The Wisdom of the Border

Someone must have had a birthday party last night. I watched as a long, bright green strip of crepe paper lazily floated over the fence that marks our back yard, and settled amongst the branches of a fruit tree that grows at the back of the house.  Remnants of a piñata, I am sure, and I smiled at the site of that joyful trespasser brightening up the corner of our yard.

I was settled into a chair under the shade of a tree and was checking my mail. The Great Seal of the Republic of Texas announced a bit of formality in my in-box. I opened it and discovered that I had received a summons from the Committee on Redistricting of the Texas House of Representatives.  Representative Burt Solomons, from the north Texas town of Carrollton, the chair of this committee, had requested my testimony, so that his group might appreciate “the wisdom you can provide about your community.”  Seemingly my thoughts would be used “to integrate the needs of Texans and improve our background to create fair and legal maps reflecting the demographics of Texas.”


I am not sure how to proceed. Mr. Solomons is a man who has introduced several bills into this Texas legislative session that would place folks who would appear to be “undocumented immigrants” under suspicion.  He insists that peace officers detain all those folks who cannot prove their immigration status.

I live one mile north of the Texas border with Mexico, and it is precisely the demographics of our community that would make Mr. Solomons’s law such a bad idea. Fully 87% of the residents here identify themselves as Hispanic. A peace officer faithfully fulfilling her mandate would have to stop nine out of the ten people she passes in the local shopping mall, for they would all certainly seem suspicious—“of brown complexion, dark hair, dark eyes, speaking a mix of Spanish and English, and appearing to enjoy life more than most other Americans.”

This would, of course, keep any peace officer busy, and all of the people annoyed. It would cut the heart out of our Texan friendliness and would create a debilitating nervousness, which, over time, seems to lead to meanness of heart, as the evidence would indicate in the case of Mr. Solomons and his constituents, who are, I should note, fellow Texans, and who have supported scores of laws which consequences punish people of color.


They would also be Caucasian, Anglo-Saxon, white people, like me, who have probably never had to prove their citizenship to anyone. They would not know of that indignity, particularly when applied in front of one’s children or grandchildren.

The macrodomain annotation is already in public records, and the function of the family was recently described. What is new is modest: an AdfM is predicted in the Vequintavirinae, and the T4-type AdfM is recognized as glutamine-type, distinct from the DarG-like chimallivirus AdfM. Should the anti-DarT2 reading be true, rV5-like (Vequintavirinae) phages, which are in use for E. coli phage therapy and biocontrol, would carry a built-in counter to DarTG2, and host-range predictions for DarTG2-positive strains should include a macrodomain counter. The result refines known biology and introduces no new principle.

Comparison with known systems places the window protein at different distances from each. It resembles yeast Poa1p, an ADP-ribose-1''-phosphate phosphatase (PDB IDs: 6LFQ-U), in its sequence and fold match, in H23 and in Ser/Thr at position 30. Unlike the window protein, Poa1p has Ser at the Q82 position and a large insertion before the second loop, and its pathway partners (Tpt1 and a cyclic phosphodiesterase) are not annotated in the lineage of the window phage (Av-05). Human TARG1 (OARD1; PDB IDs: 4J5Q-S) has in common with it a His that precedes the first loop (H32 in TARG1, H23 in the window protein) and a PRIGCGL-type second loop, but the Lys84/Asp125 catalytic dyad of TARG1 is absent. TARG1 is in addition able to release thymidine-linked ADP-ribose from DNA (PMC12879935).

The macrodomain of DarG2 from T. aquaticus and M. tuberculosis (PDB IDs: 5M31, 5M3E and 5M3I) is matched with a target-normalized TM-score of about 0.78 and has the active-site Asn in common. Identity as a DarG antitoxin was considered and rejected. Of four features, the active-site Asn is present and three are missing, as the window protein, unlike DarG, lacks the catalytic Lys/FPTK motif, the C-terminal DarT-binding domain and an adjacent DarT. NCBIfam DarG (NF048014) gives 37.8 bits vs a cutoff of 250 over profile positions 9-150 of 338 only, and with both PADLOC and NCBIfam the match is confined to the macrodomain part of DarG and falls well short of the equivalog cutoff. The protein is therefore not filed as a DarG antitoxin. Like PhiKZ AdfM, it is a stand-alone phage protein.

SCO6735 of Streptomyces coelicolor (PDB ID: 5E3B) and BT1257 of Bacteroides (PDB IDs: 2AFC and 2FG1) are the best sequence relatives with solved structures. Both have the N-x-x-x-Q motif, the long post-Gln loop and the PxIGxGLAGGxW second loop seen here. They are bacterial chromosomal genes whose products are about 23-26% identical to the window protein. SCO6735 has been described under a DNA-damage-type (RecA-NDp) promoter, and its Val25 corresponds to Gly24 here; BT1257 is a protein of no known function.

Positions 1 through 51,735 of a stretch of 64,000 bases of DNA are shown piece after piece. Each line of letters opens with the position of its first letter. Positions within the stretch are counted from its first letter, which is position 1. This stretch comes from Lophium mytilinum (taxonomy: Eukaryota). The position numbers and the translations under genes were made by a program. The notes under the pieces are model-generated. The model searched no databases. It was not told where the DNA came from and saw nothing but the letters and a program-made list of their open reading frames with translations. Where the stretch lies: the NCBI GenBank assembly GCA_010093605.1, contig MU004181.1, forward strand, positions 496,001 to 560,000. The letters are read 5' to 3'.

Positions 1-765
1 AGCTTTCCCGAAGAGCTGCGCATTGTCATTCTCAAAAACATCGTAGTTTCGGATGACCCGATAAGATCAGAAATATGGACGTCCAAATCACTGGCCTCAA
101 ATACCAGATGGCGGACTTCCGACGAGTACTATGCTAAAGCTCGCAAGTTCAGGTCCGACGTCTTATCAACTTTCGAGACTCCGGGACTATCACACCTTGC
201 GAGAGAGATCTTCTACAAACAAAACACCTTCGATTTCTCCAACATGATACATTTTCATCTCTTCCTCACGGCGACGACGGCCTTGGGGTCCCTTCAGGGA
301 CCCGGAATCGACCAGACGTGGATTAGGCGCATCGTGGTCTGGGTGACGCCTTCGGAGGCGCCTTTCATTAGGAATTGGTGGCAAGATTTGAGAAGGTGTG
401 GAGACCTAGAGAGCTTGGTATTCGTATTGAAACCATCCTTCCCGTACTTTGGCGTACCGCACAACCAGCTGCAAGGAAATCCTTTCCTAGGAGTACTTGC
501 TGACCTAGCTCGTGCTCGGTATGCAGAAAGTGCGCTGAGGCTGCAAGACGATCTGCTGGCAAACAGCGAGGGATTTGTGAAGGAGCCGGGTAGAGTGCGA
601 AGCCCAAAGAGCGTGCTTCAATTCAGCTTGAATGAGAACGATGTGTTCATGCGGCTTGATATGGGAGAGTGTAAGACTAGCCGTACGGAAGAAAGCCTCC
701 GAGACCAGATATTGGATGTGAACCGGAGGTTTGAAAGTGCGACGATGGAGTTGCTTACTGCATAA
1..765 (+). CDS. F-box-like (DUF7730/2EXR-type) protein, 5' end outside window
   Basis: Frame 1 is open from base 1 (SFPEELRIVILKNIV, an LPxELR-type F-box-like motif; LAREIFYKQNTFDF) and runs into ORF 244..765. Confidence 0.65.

In any case, I don’t believe I have the pedagogical skills necessary to help Mr. Solomons and his committee  appreciate the wisdom of this place known as “the border.” In my many years living here, I have entertained hundreds of visitors who came expecting to be able to see some physical point where “here” and “there” are clearly demarcated. I found that in most cases, after listening to the interesting blend of English and Spanish in which stories are told, after attending to the arresting tales of courage and generosity which mark our region, these visitors came to appreciate that the border is not best described by a mechanically drawn map with its sharp edges, but rather by a water color image, one in which the boundaries seep over into each other—the sky bleeding into the sea, the flowers weeping into the grasses, the sunshine exulting onto hilltops.


Unlike Mr. Solomons and his committee, these, though, were people who bothered to come here to the border. Being here, these visitors were able to get a glimpse of the nature of our area–a culture formed by the blending together of different ways of life and of the different senses of self that nations tend to impose upon its citizens. 

Mr. Solomons and his constituents, however, without bothering to visit us, would judge who should and who should not live in our community. This arrogance—and the contempt that informs it—speaks eloquently of Texas’ present political leadership’s poverty of mind and heart and spirit.

But I have been asked to speak with this group as they draw up the lines on a map that will determine who will represent us in the state capitol. This is no small matter, and so I will continue to try and figure out a way to help them appreciate the richness of our part of the state. At the end of the day, this committee will play an important role in deciding who should speak for us.

As I filed Mr. Solomons’ letter away, I looked up and noticed that the wind was tearing the strip of paper from the birthday piñata away from our tree. The ribbon of green flew up and away, bending in the morning light, heading south toward the line that marked the end of the United States and the beginning of the Republic of Mexico, carrying with it the memory of children—American-born children—singing in Spanish, and celebrating, in Mexican—the life of a friend.

This slice of green, this slice of life, disappeared from my view, but not from my heart.

Now, to bring that to Austin–that would indeed be magical.

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